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Remembered Today:

Road to Armaggedon: letters Lt-Col HOS Cadogan


Muerrisch
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Just received this from Bridgebooks.

I have mixed feelings but can recommend it.

The book is the edited and illustrated and endnoted writings of Lt Col HOS Cadogan who died at the head of 1st RWF in October 1914.

£20 give or take ... I took advantage of pre-pub price.

First, the look of the book: superb dustwrapper, mud coloured boards, moderate quality paper, and the photos come out a bit less well than they might. I can judge this because several also appear in my co-edited Old Soldier Sahib.. No problem with duplication of such photos, as the ills. are as relevant to Cadogan as to Frank Richards.

His own writings are marvellous, and give a great insight into the mind-set prevailing. As an example, whereas Richards's books are full of anecdote about men and officers, there is scarcely an Other Rank mentioned by HOSC.

The notes, where I can form a judgement, betray some lack of research or expert advice; for example, in 1914 the Terms of Engagement were not, and had not been for many years, 3 years with the colours, and 9 on the reserve [except for the Foot Guards]. Furthermore, Richards's service was not 'extended to 1912', rather he extended his Section D liability on the Reserve. Captain George Dickson was not 2 i/c of 2nd RWF in the Great War unless their punctilious War Diary failed to notice his arrival and departure. Some of the 'Composition of an Infantry Battalion' is in error, and is heavily coloured by more recent establishments. There are lots of 'Dvr's on the roll. These turn out on the Medal Roll 1914 to be Drummers! Difficult to believe that a Colonel of the 4th battalion, the author, could imagine that 'driver' was a rank or an appointment for the 1914 infantry, but there it is.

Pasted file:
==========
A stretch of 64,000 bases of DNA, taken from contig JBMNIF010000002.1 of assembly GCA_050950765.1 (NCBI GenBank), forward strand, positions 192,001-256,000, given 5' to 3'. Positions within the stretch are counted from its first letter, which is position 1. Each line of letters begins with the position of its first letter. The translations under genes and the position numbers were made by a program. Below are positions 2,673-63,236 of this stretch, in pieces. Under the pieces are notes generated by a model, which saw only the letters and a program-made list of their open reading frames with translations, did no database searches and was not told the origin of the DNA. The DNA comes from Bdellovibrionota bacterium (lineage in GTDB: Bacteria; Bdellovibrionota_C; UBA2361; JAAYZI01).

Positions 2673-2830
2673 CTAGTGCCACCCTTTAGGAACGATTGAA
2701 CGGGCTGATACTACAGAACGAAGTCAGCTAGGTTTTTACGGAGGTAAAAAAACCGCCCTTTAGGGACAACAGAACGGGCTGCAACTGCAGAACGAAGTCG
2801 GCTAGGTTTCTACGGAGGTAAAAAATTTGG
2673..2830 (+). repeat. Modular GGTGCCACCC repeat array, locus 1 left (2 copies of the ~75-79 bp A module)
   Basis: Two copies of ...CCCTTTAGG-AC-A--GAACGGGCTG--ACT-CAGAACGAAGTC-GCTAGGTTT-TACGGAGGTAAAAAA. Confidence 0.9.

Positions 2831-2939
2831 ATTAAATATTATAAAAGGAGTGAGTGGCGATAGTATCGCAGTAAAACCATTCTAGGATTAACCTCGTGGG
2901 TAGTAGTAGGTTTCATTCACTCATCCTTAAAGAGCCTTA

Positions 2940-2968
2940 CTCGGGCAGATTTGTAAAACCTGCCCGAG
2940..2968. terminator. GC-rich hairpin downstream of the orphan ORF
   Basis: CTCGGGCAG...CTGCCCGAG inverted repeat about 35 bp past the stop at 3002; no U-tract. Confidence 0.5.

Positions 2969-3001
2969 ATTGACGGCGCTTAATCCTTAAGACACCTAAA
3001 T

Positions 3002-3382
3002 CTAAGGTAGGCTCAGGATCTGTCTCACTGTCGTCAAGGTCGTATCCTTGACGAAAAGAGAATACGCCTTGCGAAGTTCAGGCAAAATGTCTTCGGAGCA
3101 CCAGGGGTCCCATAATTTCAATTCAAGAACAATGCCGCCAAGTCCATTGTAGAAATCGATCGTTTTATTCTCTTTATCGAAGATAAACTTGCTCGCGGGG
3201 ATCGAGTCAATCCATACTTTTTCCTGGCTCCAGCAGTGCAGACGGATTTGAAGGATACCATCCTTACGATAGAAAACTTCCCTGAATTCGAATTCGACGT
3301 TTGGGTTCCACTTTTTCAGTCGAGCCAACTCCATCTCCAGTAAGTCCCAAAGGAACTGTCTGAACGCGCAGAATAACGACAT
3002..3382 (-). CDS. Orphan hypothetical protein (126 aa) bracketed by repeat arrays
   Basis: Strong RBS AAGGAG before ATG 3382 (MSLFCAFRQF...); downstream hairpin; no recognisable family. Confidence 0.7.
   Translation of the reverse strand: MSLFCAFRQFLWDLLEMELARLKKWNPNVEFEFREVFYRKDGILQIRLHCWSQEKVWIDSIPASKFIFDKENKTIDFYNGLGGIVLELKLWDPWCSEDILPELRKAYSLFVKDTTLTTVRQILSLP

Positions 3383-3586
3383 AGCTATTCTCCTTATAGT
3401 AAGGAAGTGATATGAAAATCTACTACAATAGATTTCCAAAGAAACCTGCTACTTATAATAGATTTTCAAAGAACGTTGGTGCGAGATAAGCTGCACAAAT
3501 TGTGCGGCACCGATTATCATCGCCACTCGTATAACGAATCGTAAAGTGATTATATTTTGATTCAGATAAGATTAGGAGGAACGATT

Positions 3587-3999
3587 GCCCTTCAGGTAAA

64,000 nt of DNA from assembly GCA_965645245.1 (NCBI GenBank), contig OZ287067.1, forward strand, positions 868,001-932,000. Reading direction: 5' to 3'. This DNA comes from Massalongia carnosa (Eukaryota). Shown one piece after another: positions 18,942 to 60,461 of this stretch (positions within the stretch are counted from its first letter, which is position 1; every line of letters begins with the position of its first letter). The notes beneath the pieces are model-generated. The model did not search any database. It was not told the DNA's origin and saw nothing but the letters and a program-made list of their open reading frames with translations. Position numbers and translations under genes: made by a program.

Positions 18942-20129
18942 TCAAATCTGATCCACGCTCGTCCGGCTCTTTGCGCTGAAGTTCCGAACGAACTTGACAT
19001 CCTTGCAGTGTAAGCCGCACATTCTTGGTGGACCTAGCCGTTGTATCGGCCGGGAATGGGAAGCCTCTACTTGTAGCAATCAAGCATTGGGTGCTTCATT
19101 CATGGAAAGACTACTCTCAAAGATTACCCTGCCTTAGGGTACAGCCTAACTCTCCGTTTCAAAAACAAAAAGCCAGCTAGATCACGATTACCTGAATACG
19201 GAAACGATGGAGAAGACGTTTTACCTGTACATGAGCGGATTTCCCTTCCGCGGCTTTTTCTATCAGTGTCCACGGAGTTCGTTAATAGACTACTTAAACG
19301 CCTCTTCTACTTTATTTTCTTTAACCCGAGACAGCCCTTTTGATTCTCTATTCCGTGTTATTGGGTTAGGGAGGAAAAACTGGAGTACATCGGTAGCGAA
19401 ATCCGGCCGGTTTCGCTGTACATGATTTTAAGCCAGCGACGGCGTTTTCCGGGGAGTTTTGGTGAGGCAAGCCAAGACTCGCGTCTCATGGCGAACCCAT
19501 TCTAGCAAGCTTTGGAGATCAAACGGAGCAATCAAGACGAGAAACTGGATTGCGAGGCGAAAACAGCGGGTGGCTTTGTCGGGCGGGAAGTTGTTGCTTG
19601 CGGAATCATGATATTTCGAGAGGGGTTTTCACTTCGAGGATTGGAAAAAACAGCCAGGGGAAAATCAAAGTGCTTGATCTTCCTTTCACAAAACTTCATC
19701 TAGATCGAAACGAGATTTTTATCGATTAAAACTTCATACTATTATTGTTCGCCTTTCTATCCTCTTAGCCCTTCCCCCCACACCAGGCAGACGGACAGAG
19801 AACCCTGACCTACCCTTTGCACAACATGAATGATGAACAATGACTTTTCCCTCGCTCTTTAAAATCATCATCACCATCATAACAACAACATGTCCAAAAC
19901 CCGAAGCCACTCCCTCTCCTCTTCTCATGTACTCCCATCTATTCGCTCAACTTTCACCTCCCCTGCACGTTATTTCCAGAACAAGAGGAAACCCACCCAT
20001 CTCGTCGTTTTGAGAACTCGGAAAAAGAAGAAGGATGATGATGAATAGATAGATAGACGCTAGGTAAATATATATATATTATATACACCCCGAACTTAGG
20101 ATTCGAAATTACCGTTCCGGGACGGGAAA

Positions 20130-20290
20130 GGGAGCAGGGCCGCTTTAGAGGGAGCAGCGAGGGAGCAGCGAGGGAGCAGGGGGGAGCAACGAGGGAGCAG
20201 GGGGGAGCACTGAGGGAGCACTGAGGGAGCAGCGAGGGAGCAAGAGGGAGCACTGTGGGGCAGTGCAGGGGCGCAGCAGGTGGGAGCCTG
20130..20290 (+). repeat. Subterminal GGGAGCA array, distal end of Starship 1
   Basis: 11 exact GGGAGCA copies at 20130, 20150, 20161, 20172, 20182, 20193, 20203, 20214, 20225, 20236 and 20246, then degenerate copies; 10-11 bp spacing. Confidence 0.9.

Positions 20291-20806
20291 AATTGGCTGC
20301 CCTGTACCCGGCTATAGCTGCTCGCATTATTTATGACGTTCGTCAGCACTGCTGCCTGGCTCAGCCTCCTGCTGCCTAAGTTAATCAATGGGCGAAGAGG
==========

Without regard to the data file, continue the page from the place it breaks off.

My final niggle is the layout of the Roll of the battalion in October 1914: the layout is poor, and a little attention to this would have made for a much easier read.

Now, if you think this is all grumbles, it is not. The book is almost unputdownable [yurrgh!] and I recommend it. Just don't take too much notice of the editorial content, which could have done with some specialised advice. Fortunately my name does not appear in the Acknowlegements, and only once in the Bibliography.

Buy it!

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